Repeated WA stress resulted in the robust development of visceral hyperalgesia, and this effect was abolished by the CRF1 receptor antagonist. Animals subjected to chronic WAS and receiving vehicle on day 11 1 h before the CRD procedure exhibited increased responses to CRD on day 11 compared with baseline (Fig. 2A). However, in animals subjected to chronic WAS and receiving a single oral dose of DMP-696 1 h before CRD (n = 12), the response to CRD at day 11 was identical to that observed during the basal CRD (Fig. 2, B–C). In animals subjected to sham WAS for 10 days, pretreatment with DMP-696 on day 11 1 h before the CRD procedure did not affect pain-related responses to CRD (Fig. 2D).
Effect of repeated dosing with SSR149415 on the development of visceral hypersensitivity to CRD during chronic WAS.
Rats exposed to chronic WAS and treated daily with vehicle (n = 9) 30 min before the WAS session exhibited an enhanced response to CRD at 40 and 60 mmHg at day 11 when compared with the basal response to CRD (Fig. 3), consistent with stress-induced visceral hyperalgesia as previously shown (8, 46). Repetitive dosing of SSR149415 at 1 or 3 mg/kg 30 min before WAS (n = 18 and 12, respectively) completely prevented WAS-induced hypersensitivity leading to responses of similar magnitude to those observed at baseline for the four distension levels tested (Fig. 3). SSR149415, at 0.3 mg/kg (n = 11), did not affect WAS-induced visceral hypersensitivity. In these animals, responses to CRD at day 11 were of similar magnitude to those in the vehicle-treated group (Fig. 3). When comparing the mean difference of the CRD response poststress from baseline in vehicle and treatment conditions, we confirmed a significant antihyperalgesic effect of SSR149415 at the doses 1 and 3 mg/kg. For both doses, the posttreatment response was significantly different from the response observed after vehicle treatment at 40 and 60 mmHg (Fig. 4). In contrast, for the dose of 0.3 mg/kg, there was no significant difference in the effect of treatment compared with vehicle (Fig. 4).
In animals subjected to sham WAS for 10 days and receiving a daily dose of vehicle (n = 4), the response to CRD at day 11 was essentially identical to the basal response before sham WAS (Fig. 5). A similar response was observed in animals subjected to sham WAS and receiving daily doses of SSR149415 at 3 mg/kg (n = 7) (Fig. 5).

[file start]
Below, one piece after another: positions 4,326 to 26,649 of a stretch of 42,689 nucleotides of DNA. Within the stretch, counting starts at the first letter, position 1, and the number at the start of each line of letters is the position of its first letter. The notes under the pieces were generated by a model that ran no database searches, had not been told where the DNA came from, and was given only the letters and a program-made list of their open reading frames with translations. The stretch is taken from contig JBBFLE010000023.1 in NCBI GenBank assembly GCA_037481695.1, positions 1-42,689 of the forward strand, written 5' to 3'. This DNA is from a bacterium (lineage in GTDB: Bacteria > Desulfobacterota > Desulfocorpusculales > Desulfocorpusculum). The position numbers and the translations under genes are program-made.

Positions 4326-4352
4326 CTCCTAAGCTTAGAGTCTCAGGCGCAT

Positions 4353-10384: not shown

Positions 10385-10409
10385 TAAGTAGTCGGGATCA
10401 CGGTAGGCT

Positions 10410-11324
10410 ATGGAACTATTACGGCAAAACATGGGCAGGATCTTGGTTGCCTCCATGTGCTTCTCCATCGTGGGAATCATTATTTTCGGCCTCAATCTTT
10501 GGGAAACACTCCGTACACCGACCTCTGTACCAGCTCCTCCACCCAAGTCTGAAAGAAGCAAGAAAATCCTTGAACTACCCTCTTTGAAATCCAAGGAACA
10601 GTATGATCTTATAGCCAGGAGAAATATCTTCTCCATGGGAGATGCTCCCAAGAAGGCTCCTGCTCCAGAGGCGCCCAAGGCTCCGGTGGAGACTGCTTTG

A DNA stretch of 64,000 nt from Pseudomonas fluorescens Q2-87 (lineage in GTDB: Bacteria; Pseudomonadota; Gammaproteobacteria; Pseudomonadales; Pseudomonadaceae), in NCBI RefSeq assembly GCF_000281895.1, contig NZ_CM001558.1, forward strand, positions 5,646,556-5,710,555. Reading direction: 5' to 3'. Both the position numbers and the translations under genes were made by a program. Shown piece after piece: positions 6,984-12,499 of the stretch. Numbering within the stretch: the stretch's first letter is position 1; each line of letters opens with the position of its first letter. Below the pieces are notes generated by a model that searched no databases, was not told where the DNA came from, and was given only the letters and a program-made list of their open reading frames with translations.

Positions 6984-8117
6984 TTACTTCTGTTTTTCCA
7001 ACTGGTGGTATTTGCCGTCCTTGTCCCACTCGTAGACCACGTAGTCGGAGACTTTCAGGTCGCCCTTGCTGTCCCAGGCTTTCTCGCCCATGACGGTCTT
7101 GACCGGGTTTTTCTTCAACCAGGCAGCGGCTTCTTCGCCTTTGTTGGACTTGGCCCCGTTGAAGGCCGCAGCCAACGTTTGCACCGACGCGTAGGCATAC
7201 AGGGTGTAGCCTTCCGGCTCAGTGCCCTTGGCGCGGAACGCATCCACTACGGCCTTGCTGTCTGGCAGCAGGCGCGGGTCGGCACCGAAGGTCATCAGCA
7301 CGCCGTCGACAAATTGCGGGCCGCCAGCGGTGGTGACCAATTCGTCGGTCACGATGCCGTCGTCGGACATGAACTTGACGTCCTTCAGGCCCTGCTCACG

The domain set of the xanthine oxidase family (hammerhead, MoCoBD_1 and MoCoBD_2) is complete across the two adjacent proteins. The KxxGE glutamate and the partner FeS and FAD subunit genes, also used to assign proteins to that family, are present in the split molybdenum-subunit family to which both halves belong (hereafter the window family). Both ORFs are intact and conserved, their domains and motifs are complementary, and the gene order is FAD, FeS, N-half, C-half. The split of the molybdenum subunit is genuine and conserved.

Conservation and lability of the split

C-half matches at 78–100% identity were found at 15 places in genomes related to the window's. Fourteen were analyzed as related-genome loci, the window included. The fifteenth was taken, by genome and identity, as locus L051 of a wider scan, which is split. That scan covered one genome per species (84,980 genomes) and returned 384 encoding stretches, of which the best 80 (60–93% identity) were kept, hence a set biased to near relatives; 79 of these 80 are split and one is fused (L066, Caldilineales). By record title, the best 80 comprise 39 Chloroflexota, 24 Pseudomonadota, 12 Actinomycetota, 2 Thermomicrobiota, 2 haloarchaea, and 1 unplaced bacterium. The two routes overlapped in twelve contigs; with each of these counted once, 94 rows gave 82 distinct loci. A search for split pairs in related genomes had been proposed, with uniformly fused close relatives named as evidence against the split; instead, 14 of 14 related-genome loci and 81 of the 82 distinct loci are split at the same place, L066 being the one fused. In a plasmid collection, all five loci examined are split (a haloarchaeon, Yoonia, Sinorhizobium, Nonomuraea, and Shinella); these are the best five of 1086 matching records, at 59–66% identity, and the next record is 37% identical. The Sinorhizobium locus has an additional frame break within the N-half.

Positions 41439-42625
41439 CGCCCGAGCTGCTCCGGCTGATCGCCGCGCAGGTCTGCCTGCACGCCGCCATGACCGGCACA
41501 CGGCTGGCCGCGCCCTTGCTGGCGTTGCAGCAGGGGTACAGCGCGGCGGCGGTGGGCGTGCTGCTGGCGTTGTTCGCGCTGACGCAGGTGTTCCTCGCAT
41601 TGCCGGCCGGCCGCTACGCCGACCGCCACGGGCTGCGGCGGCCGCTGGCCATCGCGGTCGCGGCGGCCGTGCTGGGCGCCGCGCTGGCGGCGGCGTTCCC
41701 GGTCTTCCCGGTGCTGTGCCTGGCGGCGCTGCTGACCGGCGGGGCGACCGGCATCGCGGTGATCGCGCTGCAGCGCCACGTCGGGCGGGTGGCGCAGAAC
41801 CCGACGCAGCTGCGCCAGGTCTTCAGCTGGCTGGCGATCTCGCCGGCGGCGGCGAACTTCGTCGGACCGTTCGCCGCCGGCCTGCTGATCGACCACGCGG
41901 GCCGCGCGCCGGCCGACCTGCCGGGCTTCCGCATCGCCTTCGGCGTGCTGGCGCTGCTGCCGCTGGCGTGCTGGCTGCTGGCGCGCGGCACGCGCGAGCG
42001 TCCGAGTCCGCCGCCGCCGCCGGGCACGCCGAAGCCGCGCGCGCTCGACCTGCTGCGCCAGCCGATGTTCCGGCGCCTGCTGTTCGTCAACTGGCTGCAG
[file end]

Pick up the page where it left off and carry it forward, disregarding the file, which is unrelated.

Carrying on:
Effect of a single dose of SSR149415 on the expression of visceral hypersensitivity to CRD following chronic WAS.
On the basis of the previous observations, we tested the effect of a single injection of SSR149415 at the dose 1 mg/kg on the established visceral hyperalgesia following chronic WAS. A single dose of SSR149415 (1 mg/kg, n = 7) administered 30 min before CRD on day 11 completely blocked the established visceral hyperalgesia, leading to responses to CRD of similar magnitude to those observed during basal CRD before WAS (Fig. 6).
Effects of SSR149415 on acute visceral hyperalgesia induced by repeated noxious CRD.
Repeated CRD at 80 mmHg resulted in a viscerosomatic response that represented a three- to fourfold increase over the basal mechanical activity of the abdominal musculature (basal, 0.03 ± 0.001; distension, 0.11 ± 0.02; P < 0.05, Fig. 7). In the vehicle-treated group, repetitive distensions at 80 mmHg resulted in an increase in the viscerosomatic response to distension along the procedure [66 ± 43% increase from the 1st to the 12th distension; n = 6, F(11.5) = 26.98, P = 0.0051, Fig. 7], indicative of acute mechanical sensitization. Similar responses were observed when the animals received SSR149415 (10 mg/kg iv, n = 6) after the third CRD. In SSR149415-treated animals, the response to CRD increased by 60 ± 29% from the 1st to the 12th distension [F(11.5) = 22.08, P = 0.0037; Fig. 7]. The overall response to distensions 4 to 12 was similar in vehicle- and SSR149415-treated animals (Fig. 7).